The Iola Register, Sept. 27
Partisanship trumps policy for Brownback:
Kansas Insurance Commissioner Sandy Praeger has asked Gov. Sam Brownback to help her set requirements for health insurance coverage to be sold through insurance exchanges dictated by law.
If the state fails to act the federal government will do it for Kansas.
Praeger points out the Affordable Health Care Act requires states to set benchmarks for basic health care coverage by the end of September. If they fail to do so, the Department of Health and Human Services will dictate what Kansas will do.
Gov. Brownback once again said he won't do it.
"My administration will not make any decisions regarding the implementation of Obamacare until after the November election," he said Sept. 25. It was a word-for-word repetition of an earlier statement.
Brownback is willing to forgo an opportunity to establish health care insurance guidelines that will work best for Kansans in order to make a partisan point.
It is a perfect example of throwing out the baby with the bath water.
It is true that a Republican victory in November might result in repeal of the health care law, although Mitt Romney has said that he favors retaining part of the reforms and no one can say at this point whether the health insurance exchanges would stay or go under his administration.
The object of the exchanges is to establish an online marketplace where consumers can buy basic health insurance at competitive prices. Insurance companies such as Blue Cross Blue Shield are eager for the state to set up the coverage guidelines so that they can sharpen their pencils and win customers.
To repeat, we're talking free enterprise here. The exchanges would be a medium through which for-profit insurance companies could compete for business. All the state would do is establish coverage guidelines.
In response to this opportunity to help those who don't have coverage through their employer or elsewhere obtain adequate coverage at an affordable price, Gov. Brownback baldly states he is more interested in playing politics. How disappointing.
The Manhattan Mercury, Sept. 28
Price sensitivity and higher education:
A Pew Research Center study has found that 19 percent of U.S. households are now carrying student debt, roughly twice as many as were doing so a little more than two decades ago when the parents of today's students were in school. Just since 2007, the number of families with higher education-related debt has climbed by 15 percent.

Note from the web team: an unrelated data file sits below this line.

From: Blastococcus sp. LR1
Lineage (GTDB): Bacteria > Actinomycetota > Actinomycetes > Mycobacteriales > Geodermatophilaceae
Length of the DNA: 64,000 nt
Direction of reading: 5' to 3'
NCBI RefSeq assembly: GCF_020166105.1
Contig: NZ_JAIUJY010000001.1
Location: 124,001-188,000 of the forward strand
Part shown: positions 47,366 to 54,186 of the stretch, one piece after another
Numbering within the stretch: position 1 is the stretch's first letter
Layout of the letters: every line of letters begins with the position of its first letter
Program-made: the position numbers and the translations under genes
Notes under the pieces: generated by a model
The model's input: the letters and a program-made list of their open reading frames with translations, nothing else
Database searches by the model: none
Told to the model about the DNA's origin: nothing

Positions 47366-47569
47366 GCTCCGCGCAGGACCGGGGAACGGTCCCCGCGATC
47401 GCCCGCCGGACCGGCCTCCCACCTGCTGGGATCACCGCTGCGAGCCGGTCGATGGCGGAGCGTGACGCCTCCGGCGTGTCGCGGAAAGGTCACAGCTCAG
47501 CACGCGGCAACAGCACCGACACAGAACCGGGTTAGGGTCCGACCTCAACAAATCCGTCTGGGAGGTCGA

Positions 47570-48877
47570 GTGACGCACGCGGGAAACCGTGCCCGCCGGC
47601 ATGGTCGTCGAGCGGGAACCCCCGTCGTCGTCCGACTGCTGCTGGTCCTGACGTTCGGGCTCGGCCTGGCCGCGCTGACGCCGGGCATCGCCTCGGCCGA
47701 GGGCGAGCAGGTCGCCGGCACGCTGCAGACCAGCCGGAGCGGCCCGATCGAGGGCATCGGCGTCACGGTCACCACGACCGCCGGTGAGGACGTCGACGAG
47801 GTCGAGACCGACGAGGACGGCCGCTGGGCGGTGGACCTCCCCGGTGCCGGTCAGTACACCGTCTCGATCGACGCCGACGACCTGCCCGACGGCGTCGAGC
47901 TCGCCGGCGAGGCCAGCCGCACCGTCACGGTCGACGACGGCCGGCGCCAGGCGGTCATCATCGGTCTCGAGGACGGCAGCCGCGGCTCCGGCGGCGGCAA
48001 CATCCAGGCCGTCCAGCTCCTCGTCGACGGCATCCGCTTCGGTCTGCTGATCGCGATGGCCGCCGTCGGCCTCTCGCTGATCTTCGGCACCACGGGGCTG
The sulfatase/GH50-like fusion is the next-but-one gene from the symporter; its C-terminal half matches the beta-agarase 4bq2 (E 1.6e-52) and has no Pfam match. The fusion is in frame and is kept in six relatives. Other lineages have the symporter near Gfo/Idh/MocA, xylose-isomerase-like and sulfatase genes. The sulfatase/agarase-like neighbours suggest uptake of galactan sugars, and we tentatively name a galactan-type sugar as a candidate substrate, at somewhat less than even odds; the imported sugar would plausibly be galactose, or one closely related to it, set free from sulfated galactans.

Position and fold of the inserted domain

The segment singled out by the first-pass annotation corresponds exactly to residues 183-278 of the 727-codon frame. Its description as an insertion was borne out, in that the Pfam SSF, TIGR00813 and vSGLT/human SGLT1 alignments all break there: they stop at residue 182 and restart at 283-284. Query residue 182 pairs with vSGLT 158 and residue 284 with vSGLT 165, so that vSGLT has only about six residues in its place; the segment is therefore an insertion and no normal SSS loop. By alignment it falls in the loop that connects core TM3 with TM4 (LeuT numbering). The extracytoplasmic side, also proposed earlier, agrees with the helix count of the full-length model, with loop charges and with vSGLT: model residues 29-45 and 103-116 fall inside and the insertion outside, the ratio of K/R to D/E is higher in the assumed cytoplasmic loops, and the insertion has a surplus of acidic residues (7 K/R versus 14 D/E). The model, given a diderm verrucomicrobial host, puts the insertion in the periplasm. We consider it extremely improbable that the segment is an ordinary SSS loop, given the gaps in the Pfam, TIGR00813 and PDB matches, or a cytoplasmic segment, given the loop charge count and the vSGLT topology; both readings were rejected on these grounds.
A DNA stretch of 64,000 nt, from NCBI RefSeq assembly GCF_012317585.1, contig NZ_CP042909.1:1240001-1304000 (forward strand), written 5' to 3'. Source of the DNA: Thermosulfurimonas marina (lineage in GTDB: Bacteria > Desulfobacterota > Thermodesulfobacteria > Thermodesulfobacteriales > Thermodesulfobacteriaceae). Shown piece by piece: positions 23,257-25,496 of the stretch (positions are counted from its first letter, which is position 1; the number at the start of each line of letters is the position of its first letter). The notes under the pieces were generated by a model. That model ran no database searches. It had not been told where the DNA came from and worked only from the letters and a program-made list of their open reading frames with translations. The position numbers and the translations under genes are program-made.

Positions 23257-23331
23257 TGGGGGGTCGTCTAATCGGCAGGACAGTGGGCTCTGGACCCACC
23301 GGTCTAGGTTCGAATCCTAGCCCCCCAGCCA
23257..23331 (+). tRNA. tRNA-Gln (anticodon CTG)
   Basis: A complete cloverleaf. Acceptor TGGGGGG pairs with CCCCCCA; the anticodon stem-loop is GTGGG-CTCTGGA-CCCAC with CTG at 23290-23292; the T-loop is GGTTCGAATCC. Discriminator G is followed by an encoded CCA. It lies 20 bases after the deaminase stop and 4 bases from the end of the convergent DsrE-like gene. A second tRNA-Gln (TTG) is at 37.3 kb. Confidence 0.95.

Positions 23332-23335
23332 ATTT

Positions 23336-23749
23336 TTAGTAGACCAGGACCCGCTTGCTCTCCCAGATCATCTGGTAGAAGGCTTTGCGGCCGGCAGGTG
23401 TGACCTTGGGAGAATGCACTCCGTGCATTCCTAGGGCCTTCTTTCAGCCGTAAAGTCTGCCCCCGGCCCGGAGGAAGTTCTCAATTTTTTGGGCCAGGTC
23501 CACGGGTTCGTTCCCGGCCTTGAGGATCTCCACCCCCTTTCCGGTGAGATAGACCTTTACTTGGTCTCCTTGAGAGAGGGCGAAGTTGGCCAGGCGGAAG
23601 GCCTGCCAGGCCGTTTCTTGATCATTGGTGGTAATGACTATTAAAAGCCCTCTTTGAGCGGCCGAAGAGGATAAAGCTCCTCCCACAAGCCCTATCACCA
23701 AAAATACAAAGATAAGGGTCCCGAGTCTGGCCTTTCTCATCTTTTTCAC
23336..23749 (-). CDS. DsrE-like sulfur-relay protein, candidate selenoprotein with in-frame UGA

The drivers of this debt phenomenon are both diverse and obvious. For starters, a year at a typical state university such as K-State costs more than $4,000 counting just tuition and fees. The median household income in Riley County in 2010 was around $39,000, meaning that about half of all local families who want to avoid college debt would essentially have to tithe to that college, and would have to do so before they paid any local, state or federal taxes.
The pattern of reductions in state commitment to higher education shows no sign of reversing and has prompted universities to shift the financial burden onto students. That combined with the largely stagnant economy only further drives the debt burden.
In recent days, those involved in jobs creation have tried to make the argument that spending on higher education facilitates economic growth. To whatever extent that is true — and we're not taking issue with it — the shift away from state responsibility is substantially a political reality, and is unlikely to be reversed any time soon.
The logical recourse for those facing increasing debt, including student debt, is eventually to pull back from spending.
Indeed, Americans have cut back on several other types of borrowing such as credit card use, with average household indebtedness falling from $105,297 in 2007 to $100,720 in 2010.
That does not appear to be happening with education-related debt, however, presumably because individuals and families have concluded that higher education possesses a value transcending price. The average outstanding college debt increased from $23,349 in 2007 to $26,682 in 2010.
But insensitivity to education costs cannot be presumed. Data released just Thursday by the Kansas Board of Regents raises the question of whether the state's system may have already reached its point of sensitivity. The Regents reported that enrollment was down 152 students at the public universities. Fortunately for Manhattan, K-State was an exception to the trend, reporting the largest increase among the state institutions, up 515 students.